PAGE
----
To a Bangladeshi, perhaps the most beloved of all dessert is the rosogolla (রসগোল্লা), literally which means juice ball. As it may sound to those who are unfamiliar with such desserts, the literal meaning does not do the justice when it comes to describing what the food is all about. It does, partially. A more meaningful description would be to call it sweet-ball. In Bangla language, we also call it misti or sweets.
The name misti could mean a whole lot of different types of sweets. This is a generic name. However, in general, misti means rosogolla.
One particular type of rosogolla is the sponge rosogolla. It is spongy and soaked in sweet-syrup called shira in Bengali and served individually or in pairs. These mouth watering delicious desserts are normally served after the main meal.
Photographed above is a type of homemade traditional cake or pitha in Bengali. There are a many varieties of pitha found in different regions of Bangladesh. This one is known as rosher pitha which literally means a cake in syrup.
Photographed above is a type of homemade traditional cake or pitha in Bengali. This is called chitoi pitha. This one is normally made in clay pot by pouring the batter using a cup. The circular shaped cake has a flat side with perforations on it. The other side has the shape of half-moon, the depth of which depends on the depth of the clay pot or the amount of batter poured into it to make the cake.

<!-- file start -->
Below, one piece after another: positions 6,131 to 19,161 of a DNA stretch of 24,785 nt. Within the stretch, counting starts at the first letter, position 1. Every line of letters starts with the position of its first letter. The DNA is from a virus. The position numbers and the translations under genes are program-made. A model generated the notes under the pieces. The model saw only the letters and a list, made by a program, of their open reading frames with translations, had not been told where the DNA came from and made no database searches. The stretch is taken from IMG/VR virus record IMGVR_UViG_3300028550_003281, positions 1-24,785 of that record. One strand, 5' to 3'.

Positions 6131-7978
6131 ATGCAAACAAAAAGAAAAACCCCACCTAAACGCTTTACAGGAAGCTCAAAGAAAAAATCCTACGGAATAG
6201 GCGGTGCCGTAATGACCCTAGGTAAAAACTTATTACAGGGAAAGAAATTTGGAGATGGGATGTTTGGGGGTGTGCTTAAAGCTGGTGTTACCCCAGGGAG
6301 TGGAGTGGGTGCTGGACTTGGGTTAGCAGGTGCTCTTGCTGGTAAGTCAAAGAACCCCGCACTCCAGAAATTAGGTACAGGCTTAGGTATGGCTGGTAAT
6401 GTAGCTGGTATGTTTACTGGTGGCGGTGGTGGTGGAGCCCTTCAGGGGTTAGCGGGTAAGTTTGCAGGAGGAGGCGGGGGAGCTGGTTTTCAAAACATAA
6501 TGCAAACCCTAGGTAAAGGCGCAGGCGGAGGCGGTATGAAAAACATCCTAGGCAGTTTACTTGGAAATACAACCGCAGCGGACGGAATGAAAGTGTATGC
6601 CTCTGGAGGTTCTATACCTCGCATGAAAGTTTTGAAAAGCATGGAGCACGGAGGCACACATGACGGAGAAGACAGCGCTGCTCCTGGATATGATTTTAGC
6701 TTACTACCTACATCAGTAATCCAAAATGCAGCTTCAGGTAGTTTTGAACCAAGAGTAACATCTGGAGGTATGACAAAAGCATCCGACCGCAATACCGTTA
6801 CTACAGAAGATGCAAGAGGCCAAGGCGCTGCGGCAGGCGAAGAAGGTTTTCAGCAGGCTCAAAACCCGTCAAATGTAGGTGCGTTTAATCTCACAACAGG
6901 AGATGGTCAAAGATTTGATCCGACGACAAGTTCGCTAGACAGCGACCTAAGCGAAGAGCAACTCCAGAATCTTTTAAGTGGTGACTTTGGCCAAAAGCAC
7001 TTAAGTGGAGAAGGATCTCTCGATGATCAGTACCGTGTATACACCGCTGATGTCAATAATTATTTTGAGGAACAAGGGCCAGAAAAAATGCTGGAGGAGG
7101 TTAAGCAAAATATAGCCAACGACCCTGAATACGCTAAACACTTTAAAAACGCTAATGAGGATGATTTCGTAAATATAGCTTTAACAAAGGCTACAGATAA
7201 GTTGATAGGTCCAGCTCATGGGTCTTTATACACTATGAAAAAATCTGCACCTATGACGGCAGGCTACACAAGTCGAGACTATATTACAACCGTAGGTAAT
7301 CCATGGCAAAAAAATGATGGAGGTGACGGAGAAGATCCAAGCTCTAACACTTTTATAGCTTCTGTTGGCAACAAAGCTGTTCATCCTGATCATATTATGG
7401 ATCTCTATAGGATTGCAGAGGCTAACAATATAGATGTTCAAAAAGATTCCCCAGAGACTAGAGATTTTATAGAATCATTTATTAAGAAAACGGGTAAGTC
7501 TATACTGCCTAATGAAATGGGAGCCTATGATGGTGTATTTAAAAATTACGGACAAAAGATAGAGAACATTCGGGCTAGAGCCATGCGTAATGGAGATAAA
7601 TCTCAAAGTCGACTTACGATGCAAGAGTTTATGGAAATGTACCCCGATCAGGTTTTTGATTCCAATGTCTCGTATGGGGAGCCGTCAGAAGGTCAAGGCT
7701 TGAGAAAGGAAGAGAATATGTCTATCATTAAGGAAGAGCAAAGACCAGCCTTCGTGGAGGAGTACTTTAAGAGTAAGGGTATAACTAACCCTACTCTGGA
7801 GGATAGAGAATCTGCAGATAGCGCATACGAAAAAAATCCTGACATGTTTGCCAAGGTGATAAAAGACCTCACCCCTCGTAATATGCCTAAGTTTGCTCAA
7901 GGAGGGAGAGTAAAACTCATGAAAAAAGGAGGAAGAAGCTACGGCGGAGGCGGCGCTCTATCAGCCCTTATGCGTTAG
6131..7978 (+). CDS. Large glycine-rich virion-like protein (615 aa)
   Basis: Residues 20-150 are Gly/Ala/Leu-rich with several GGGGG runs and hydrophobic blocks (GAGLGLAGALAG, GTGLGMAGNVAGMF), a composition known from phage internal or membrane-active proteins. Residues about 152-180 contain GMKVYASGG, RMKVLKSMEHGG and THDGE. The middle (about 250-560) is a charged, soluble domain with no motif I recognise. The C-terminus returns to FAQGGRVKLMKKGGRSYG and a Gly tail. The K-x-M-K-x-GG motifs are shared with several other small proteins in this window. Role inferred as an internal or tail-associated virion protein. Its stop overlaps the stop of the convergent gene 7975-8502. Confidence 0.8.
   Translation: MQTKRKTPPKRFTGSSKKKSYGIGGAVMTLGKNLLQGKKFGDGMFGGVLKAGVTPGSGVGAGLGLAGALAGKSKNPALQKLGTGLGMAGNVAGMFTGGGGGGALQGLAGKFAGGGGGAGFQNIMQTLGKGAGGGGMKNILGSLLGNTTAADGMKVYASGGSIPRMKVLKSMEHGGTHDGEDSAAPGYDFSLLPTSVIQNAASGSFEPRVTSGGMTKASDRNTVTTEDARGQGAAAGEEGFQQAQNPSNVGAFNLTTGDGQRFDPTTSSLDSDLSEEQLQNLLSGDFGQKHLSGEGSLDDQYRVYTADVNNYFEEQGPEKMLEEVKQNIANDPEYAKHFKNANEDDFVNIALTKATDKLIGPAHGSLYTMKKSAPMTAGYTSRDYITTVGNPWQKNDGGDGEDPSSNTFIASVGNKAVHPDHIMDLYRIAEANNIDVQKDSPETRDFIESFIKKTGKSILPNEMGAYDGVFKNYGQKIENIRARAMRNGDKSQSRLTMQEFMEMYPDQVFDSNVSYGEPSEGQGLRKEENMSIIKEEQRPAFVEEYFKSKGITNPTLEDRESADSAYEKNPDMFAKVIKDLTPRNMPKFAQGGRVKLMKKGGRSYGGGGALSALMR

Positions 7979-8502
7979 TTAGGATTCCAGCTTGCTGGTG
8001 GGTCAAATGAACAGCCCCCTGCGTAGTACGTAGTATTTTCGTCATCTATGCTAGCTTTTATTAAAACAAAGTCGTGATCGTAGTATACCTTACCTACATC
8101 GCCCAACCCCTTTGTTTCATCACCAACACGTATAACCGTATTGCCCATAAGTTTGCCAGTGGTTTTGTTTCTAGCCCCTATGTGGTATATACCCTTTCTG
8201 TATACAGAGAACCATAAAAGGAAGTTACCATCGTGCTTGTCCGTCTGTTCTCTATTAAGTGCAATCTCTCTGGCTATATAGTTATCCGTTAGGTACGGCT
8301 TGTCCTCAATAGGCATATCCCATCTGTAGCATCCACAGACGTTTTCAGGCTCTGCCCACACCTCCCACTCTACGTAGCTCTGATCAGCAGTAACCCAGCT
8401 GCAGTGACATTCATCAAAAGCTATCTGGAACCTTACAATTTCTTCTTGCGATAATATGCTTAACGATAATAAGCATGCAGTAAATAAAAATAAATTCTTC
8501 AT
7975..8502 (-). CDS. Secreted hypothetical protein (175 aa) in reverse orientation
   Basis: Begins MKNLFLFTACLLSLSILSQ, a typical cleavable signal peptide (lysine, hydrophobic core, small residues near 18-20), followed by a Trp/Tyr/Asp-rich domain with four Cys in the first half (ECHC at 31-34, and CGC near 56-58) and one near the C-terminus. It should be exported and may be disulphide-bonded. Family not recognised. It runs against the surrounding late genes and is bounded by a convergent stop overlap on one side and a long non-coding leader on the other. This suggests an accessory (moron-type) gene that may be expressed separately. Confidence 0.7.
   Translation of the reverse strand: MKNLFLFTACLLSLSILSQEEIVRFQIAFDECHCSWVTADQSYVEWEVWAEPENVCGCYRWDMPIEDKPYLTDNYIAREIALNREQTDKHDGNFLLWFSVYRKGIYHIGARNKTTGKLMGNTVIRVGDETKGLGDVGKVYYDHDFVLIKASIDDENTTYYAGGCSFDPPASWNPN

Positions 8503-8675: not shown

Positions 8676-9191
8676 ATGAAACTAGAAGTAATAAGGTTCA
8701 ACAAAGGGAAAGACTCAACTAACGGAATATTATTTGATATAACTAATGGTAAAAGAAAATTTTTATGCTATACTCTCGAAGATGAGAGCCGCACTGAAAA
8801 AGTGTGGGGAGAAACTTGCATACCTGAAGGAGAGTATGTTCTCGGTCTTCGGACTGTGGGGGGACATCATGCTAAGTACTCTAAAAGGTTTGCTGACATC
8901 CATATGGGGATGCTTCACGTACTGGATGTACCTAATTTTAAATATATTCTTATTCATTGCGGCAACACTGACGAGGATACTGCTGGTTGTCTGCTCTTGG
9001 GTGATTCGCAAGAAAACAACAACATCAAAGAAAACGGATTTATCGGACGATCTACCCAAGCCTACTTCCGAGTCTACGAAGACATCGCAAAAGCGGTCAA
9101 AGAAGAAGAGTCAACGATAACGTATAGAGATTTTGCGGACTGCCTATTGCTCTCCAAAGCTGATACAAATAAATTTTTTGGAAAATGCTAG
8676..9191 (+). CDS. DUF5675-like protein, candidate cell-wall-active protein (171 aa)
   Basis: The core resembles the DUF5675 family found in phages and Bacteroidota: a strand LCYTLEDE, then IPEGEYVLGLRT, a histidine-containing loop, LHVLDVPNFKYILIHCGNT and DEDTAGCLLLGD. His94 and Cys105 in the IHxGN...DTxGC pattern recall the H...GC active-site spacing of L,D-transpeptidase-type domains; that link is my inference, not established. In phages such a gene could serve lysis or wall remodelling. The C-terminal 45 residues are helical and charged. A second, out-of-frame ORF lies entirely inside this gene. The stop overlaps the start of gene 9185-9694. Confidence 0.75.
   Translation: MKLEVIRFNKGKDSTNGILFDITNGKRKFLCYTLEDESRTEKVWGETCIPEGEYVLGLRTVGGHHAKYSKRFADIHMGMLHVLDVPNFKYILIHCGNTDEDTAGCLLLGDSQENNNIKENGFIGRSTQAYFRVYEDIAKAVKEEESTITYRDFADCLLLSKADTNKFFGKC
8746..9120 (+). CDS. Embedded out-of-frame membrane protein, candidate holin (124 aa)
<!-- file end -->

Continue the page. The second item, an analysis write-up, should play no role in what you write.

This cake is neither sweet nor sour. Vapa puli or vapa pitha is commonly served with sweet molasses known as gur. It can also be served with spicy chutney of some kind.
In some regions of Bangladesh, you can make rosher pitha with the chitoi pitha as well. All you need is to soak the chitoi pitha in milk or juice of date palm tree. Usually, the cakes are soaked overnight for best taste. They are served cold in the morning.
This is a traditional winter dessert in Bangladesh. But now a days these are being cooked throughout the year thanks to refrigerators to chill them overnight.
The above is also the same chitoi pitha with a different shape.
A special type of misti is the chom chom as pictured above. Their brown color with dried milk sprinkled over them is a delicate dessert in Bangladesh. They taste sweet as they should be. They are often served in light syrup but they can be served dry as shown in the photo above.
Some of the bakers in Bangladesh has become legends for their legendary workmanship to produce these chom chom. Porabarir chom chom is one of such examples. They are immensely popular in all over Bangladesh. You will find this particular type of chom chom only in the Tangail district in Bangladesh.
The above sweet dessert can be called Blackberry if you like. They are much larger than a blackberry of course but their look and taste has earned the name black. They are softer and less sweeter than typical chom chom. The inside of chom chom can be white, pink or brown depending on how they are made. They can have a variety of sizes but all have the same shape as shown in the photo above.
I hope you’ve enjoyed this post about Bangladeshi dessert. If you find any error or omission, please feel free to let us know.